• Once the molds are filled up, put it on a sheet tray and pop it in the oven for about 10-12 minutes. When they come out let them rest in the molds for 10-15 minutes. It’s a tad tricky to get them out and it’ll be even harder to do it if they’re still hot. If you’re not comfortable with it, you can put the whole thing in the fridge once it cools down enough and leave it there for about 20 minutes. Remember you’re waiting for your chocolate to set so it’s not like you’re doing anything.

When they’ve cooled, here’s the easiest way I found to take them out without breaking them: Take one hand and push the bottom of the mold (the rim of the shot glass) upwards while the other hand is pushing the top of the mold surrounding the exposed graham crust downward. Once it’s a little more than halfway out, you push the rim inward without having to worry as much, or you could even push from the inside of the cavity. But still be careful because if you push the cavity too much you might push the bottom of shot glass out if it’s not loose enough. Once the rim is clear out of the mold, you’ll be safe to carefully and slowly extract the shot glass while pulling from the rim. If you were careful, and I’m sure you were, you should have an intact graham cracker shot glass in your hand. Now pat yourself on the back. Sorry for the lack of pictures. I was too excited to get them out. Ok, shot glasses are out, and hopefully the chocolate is ready. If you put it in the fridge then it’s probably harder than where you need it. If so, just beat it using a hand mixer or whatever you use. To pipe it in the shot glasses, we’re going to use a little trick I learned from Wilton’s Instagram feed.

See, we have chocolate ganache along with marshmallow fluff that needs to be evenly piped into a rather small area. So the best way to do it is combine the two bags into one. So simple and so effective it’s almost silly.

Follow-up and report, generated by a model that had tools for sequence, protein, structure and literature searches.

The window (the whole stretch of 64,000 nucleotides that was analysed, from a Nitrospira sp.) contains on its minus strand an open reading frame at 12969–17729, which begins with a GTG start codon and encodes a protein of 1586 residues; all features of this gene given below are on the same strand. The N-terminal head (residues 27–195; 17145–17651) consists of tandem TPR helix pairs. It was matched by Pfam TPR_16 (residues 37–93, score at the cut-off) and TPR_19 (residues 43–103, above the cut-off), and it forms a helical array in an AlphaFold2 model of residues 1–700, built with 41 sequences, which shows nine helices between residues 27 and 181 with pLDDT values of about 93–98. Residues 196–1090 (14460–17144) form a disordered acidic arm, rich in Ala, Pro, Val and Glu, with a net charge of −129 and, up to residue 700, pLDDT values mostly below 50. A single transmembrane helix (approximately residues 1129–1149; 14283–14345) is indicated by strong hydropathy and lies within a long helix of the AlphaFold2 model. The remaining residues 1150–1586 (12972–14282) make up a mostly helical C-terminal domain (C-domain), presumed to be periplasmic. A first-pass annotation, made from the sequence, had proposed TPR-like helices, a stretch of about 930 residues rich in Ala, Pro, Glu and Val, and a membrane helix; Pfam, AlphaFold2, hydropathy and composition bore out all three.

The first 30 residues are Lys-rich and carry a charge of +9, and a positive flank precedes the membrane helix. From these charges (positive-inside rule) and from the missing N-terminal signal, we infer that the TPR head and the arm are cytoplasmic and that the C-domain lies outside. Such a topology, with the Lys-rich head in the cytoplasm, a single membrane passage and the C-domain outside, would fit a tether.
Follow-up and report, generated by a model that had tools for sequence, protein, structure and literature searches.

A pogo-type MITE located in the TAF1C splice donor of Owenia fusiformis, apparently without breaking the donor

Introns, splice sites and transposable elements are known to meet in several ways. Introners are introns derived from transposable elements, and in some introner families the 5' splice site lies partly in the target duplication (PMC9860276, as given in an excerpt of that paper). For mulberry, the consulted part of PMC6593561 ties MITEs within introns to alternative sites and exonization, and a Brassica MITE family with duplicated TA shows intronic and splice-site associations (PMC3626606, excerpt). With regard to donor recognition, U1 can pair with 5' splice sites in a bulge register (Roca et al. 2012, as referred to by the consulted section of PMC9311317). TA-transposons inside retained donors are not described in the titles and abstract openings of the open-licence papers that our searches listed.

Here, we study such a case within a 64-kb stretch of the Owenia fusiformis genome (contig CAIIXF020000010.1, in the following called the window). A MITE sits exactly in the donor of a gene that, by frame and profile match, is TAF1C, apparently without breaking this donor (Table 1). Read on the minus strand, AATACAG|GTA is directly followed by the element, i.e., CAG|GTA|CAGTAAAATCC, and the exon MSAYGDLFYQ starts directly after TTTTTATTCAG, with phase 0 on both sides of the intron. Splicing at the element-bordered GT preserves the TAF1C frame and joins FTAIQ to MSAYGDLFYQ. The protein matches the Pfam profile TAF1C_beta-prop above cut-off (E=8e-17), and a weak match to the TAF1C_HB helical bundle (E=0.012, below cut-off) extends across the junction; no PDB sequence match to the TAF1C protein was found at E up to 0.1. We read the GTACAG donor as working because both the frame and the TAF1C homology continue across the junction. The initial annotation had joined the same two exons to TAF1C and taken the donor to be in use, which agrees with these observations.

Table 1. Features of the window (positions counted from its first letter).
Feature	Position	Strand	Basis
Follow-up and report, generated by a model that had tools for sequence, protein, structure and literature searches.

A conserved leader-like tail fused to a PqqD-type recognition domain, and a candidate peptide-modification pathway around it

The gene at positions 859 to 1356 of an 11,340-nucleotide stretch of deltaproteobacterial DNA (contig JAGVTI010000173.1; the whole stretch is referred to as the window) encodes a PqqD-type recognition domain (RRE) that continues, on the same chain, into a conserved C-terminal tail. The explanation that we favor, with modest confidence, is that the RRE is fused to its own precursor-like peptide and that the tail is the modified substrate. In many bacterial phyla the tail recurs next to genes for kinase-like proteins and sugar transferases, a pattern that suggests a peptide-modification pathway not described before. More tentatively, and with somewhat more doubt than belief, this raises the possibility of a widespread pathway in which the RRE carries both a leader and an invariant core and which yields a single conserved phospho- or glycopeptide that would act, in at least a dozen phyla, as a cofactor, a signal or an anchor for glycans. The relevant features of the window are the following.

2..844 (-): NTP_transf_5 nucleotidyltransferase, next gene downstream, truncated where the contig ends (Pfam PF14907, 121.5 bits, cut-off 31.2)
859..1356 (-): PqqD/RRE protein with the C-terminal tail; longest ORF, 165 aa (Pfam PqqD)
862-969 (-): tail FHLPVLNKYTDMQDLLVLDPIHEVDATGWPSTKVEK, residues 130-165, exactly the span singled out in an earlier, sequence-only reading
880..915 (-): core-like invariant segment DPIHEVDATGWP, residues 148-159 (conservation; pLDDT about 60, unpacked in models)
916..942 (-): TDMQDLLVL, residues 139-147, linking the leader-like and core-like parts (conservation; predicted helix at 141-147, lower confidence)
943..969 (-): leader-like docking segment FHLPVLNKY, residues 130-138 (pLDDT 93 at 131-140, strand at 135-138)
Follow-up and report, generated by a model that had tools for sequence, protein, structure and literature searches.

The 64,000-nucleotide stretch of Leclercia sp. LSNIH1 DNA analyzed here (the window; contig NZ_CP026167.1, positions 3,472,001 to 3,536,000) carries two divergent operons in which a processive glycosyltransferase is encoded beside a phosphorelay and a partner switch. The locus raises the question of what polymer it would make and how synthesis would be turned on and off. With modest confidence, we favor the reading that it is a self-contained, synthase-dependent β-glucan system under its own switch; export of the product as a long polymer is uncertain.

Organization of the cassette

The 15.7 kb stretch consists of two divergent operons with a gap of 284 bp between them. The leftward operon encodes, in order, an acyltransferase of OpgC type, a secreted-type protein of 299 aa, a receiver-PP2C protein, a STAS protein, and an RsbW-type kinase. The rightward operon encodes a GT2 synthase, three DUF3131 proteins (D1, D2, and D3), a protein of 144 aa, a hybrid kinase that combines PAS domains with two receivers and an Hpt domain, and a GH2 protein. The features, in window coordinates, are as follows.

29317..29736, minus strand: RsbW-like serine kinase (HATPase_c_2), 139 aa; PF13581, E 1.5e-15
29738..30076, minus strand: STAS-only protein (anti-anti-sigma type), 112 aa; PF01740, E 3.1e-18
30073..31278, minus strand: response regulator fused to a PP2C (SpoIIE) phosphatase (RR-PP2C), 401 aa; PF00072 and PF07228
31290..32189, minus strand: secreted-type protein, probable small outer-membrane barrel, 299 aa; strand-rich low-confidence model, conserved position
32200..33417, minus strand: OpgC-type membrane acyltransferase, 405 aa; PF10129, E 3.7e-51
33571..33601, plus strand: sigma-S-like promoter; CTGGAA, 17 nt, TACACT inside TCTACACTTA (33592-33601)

• Just take 3 bags. One with ganache, one with fluff, and the other empty with a tip (I used an open star tip – didn’t matter for me because I garnished with graham dust). Cut off the ends of the two filled bags and put them both into the empty one. Voila! A nice little swirl effect that will give you two awesome flavors in one spot.


  • From here it’s all downhill. Just pipe the heavenly combo into the shot glass and then top it off with the crushed graham crackers.


And you are DONE! My goodness, the taste. I took one bite and didn’t want to put it down.


I know. Why not just make regular s’mores? Because these look pretty freaking cool, that’s why!


If you’re having a party, maybe an outdoor gathering with friends, this will be the perfect way to impress them.

IMG_4381 All the great, amazing flavor from a s’more, in a neat little package. Sign me up!



    1. Hi! Yes, it’s called just that. I didn’t take a picture of the mold itself (I should have) but it’s right here on Wilton’s site!

      As far as finding it in a store, I asked Wilton and they said it will be available in Jo-Ann stores. It wasn’t specified whether they are available right now or not, but since this was a package I received for fall, it should be in their stores soon enough if not now.